But despite all this, some ostensible conservatives continue to act as if America’s space activities are in eclipse. When you bring up the topic of space policy with them, the only thing they seem to know about it is the (completely false) notion that NASA’s primary mission is “Muslim outreach.” As the latest example, I was recently compelled to dismantle a foolish and ignorant piece at The American Spectator. As I conclude over at PJMedia:

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Asteroid Defense: A Proper Function of Government

 

In less than two hours, a 60ft-wide asteroid will whiz past the Earth. It’s not going to hit us or cause any other harm, but it will come to within about 25,000 miles of our planet’s surface, or about 1/10 the distance to the Moon.

We’re talking about a rock the size of a whale moving at 24,500 mph relative to the Earth. By comparison, the Chelyabinsk meteor that exploded over Russia last year was a little smaller, though moving faster. This particular rock isn’t the sort of thing that could end civilization, but — if it were a little larger and had a slightly different path — it could easily have destroyed a city, sparked an enormous wildfire, caused a monstrous tsunami, or some combination of the three.

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I’ll be on his show at either 4:20 or 4:40 PM EDT today (that is, in less than an hour) to talk about the current mess in both civil and military space policy. [Update a few minutes later] More

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Apollopalooza

 

shutterstock_83323393With yesterday’s 45th anniversary of the first lunar landing, there’s been an unusual amount of space coverage and commentary in the media. I’ve tried to do my share. As I noted on Friday, I had a piece over at USA Today, declaring that it’s time to end the Apollo Cargo Cult:

After over four decades, it is time to stop awaiting a repeat of a glorious but limited and improbable past. We must, finally, return to and embrace the true future, in which the solar system and ultimately the universe is opened up to all, with affordable, competing commercial transportation systems, in the way that only Americans can do it.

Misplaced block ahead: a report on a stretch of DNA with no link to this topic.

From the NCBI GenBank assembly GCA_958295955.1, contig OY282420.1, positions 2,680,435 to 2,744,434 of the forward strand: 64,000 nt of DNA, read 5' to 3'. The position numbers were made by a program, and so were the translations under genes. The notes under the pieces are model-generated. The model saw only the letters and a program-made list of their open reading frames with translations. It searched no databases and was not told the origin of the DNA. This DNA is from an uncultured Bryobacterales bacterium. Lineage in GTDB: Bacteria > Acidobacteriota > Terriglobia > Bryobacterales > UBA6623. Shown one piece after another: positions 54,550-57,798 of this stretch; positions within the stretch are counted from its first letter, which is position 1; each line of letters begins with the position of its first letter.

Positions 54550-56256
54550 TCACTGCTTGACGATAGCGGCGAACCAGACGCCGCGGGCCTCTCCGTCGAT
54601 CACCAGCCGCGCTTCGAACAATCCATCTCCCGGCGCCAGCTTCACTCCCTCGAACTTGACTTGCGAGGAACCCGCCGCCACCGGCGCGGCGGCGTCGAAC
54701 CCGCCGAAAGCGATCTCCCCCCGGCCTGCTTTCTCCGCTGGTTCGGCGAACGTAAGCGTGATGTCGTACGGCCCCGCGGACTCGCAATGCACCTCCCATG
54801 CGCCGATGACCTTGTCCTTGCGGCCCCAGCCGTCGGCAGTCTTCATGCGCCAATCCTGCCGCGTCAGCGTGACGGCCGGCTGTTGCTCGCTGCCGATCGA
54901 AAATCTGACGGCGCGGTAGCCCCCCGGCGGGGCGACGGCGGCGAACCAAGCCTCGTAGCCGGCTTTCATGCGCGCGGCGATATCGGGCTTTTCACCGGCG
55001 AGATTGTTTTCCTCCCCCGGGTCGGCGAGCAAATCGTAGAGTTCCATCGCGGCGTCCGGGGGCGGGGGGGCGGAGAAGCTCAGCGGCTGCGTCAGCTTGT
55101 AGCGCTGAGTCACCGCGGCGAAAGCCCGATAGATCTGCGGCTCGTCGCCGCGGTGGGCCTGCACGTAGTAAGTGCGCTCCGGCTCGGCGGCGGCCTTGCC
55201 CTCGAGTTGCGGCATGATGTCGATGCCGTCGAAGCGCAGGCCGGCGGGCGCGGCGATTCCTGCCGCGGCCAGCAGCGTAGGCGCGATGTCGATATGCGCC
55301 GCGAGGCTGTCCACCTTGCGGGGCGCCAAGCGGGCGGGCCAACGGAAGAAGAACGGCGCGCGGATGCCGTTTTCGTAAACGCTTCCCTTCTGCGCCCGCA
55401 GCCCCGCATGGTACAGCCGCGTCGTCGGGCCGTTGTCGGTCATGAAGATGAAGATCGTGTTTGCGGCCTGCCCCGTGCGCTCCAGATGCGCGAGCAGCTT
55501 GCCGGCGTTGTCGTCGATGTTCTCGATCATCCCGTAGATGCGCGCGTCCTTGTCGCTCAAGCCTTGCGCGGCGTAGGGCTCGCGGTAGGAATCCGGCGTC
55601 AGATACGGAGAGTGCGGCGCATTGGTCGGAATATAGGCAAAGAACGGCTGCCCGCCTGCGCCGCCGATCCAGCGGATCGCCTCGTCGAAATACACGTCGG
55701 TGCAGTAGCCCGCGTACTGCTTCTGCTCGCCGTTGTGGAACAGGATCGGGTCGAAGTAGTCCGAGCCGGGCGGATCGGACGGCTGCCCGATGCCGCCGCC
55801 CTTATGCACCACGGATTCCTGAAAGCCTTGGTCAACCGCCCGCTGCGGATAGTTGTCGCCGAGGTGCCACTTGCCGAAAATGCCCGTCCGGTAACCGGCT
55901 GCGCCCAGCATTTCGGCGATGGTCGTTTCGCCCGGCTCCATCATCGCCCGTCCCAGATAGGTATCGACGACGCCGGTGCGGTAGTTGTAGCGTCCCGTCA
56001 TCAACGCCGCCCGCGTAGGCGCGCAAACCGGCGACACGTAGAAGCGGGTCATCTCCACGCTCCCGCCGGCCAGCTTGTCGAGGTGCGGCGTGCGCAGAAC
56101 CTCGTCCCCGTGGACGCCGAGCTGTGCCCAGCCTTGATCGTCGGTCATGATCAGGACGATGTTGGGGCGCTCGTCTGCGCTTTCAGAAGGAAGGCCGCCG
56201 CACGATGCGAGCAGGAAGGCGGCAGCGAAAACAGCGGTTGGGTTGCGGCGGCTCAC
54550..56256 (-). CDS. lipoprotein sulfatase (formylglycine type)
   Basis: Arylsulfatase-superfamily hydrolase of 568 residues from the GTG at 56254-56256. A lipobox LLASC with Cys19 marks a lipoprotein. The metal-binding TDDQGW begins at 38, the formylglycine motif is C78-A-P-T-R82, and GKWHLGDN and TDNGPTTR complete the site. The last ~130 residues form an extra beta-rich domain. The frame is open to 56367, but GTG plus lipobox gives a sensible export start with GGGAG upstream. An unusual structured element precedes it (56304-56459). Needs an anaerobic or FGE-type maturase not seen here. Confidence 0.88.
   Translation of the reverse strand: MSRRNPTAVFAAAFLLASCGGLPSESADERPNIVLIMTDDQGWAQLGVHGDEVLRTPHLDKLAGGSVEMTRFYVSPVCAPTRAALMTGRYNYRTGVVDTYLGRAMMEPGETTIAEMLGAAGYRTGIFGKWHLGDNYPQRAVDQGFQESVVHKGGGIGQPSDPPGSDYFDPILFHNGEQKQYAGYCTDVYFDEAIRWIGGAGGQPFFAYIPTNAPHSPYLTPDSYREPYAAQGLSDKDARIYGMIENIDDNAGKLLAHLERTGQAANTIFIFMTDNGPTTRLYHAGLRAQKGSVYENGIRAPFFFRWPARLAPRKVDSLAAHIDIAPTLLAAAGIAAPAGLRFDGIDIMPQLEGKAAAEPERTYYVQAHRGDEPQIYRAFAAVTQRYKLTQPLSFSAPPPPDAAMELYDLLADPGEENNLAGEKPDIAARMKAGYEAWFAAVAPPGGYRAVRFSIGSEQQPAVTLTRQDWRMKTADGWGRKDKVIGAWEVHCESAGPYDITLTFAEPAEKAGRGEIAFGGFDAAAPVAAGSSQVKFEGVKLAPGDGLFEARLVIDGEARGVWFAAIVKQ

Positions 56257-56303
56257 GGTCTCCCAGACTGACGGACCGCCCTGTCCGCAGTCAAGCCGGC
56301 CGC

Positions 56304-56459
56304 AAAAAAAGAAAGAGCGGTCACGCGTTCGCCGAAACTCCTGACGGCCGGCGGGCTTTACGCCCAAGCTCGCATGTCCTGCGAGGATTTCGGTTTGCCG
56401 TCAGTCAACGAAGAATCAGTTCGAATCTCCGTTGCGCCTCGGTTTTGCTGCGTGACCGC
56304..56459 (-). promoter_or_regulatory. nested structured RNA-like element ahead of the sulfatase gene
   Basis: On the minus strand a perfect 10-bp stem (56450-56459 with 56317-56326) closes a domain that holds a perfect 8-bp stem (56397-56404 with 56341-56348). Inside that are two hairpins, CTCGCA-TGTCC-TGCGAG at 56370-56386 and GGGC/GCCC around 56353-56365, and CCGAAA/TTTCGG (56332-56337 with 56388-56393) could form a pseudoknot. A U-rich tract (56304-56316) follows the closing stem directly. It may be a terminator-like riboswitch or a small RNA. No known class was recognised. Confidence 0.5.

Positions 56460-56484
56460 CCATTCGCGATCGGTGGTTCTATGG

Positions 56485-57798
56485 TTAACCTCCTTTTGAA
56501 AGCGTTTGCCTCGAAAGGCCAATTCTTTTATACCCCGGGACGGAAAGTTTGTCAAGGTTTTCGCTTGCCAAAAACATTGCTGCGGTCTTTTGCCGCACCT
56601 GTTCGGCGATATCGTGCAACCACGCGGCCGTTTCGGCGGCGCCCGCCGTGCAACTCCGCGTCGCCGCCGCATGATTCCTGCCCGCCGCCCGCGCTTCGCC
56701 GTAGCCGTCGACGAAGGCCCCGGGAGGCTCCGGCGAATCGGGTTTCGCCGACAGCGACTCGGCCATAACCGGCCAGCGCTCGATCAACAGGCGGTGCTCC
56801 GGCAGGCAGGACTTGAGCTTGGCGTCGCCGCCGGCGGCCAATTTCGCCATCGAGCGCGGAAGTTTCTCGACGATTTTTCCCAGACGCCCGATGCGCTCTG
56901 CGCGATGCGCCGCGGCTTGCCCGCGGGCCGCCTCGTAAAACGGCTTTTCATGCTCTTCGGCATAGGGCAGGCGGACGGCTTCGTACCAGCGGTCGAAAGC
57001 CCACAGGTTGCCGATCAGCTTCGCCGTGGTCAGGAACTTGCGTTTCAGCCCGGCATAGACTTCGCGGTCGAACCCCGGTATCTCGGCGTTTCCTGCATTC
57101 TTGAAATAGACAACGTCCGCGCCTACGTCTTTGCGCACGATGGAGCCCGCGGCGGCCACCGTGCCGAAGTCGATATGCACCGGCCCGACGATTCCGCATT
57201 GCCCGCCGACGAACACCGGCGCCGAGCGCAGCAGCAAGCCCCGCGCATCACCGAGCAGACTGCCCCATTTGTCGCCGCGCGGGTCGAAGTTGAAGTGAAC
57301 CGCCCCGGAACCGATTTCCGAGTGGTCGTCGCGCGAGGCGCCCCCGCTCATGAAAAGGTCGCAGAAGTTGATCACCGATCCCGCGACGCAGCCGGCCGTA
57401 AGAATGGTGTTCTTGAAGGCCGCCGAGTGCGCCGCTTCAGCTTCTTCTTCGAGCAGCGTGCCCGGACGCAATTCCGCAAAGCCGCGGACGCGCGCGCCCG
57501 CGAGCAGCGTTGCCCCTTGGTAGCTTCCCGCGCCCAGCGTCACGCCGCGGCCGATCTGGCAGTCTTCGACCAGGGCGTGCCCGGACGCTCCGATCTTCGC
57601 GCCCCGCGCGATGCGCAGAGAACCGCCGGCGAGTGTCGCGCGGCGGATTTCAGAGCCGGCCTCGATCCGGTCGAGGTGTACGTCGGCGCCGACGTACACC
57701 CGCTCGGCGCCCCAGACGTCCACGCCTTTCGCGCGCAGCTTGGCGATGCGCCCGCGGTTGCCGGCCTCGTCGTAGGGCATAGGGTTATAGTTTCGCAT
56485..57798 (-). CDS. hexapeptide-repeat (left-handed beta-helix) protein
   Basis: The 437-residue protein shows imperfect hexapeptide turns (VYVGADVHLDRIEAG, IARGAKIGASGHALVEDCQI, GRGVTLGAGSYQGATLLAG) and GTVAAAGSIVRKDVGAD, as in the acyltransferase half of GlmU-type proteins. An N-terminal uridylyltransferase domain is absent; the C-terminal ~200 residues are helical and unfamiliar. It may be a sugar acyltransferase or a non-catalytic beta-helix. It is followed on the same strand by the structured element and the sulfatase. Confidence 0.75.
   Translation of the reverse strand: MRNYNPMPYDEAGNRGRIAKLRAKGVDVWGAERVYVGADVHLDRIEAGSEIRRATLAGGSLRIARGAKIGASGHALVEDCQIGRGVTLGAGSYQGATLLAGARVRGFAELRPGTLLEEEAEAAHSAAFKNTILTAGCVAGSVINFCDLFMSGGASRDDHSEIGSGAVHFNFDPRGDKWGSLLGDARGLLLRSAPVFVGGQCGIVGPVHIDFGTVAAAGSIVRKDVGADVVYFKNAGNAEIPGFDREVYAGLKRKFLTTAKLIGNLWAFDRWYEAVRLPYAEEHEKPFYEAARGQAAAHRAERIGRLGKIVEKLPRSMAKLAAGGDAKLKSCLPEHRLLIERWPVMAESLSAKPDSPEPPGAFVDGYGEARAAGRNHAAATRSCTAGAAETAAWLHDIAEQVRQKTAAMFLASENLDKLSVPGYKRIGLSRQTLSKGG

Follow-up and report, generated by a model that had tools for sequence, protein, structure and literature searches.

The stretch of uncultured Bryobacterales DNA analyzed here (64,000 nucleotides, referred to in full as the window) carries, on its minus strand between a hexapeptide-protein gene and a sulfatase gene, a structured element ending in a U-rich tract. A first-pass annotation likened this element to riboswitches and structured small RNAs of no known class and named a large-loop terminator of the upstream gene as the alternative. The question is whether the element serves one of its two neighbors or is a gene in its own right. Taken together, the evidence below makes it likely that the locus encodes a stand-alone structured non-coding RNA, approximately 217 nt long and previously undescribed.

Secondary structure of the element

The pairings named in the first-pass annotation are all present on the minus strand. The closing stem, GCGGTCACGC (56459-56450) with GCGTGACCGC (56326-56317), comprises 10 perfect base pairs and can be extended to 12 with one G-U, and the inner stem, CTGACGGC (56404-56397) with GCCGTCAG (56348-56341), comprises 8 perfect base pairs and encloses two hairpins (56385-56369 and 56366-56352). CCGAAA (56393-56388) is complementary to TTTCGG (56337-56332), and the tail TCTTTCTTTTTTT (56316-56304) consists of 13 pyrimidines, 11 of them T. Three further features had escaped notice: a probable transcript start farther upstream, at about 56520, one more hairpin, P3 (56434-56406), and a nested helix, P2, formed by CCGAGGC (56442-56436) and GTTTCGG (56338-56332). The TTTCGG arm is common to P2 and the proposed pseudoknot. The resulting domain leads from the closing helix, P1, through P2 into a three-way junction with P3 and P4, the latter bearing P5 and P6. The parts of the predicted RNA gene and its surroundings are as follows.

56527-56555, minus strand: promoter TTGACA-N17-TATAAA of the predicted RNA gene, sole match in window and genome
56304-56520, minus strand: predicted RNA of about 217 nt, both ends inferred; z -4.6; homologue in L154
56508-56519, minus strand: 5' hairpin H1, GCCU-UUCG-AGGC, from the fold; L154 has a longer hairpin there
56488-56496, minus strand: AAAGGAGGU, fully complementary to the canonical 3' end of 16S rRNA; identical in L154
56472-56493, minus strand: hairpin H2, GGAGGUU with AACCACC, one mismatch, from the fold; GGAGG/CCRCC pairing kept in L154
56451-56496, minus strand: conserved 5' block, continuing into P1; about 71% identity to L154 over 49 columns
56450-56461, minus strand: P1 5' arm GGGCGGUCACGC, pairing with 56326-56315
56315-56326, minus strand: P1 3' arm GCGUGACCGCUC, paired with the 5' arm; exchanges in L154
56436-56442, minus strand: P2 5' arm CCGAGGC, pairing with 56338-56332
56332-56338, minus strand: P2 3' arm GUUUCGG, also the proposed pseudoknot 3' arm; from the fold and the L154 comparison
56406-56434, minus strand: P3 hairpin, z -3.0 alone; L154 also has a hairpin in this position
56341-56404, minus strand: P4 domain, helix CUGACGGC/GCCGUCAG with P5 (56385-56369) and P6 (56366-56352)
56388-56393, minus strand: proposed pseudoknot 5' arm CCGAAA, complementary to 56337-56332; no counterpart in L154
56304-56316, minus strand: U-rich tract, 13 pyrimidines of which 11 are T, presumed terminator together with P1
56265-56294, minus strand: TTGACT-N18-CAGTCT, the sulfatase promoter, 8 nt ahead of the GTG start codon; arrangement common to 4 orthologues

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Does Scarcity Yield Better Results?

 

While at a weekend church retreat, we discussed those amazingly beautiful letters to home written by soldiers of even the lowest rank on either side of the American Civil War. The question arose, does scarcity yield better results?

Did having only a few pages of paper and one pencil (and maybe even a pen!) make the soldier writing a letter home want to write a letter with punch and vigor that said everything he wanted it to say? In contrast, look at the language and diction of tweeting and texting, of emails and even full-on essays in blogs.

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Simberg: Safe Is Not an Option

 

The successful expansion into space requires tradeoffs in cost and safety. But the government’s obsessively risk-averse regulations are preventing us from being able to make those tradeoffs. That’s the message of the new book by Ricochet member, CEI adjunct scholar and “recovering aerospace engineer” Rand Simberg. Safe Is Not an Option: Overcoming the Futile Obsession With Getting Everyone Back Alive That Is Killing Our Expansion Into Space is getting rave reviews from prominent experts, knowledgable politicians, and successful entrepreneurs.

Simberg notes that, throughout the history of exploration, science and technology has always entailed risk to the health and lives of the explorers. Yet, when it comes to exploring and developing the high frontier of space, the harshest frontier ever, the highest value is apparently not the accomplishment of those goals, but of minimizing, if not eliminating, the possibility of injury or death for the humans carrying them out.

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That’s right. Not only are “Elite wealth monopolies” the scourge of the present but will, in fact, cause societal apocalypse, reports The Guardian. The study took the factors involved in the collapse of previous civilizations, including the Roman empire, into account: “Population, Climate, Water, Agriculture, and Energy.” More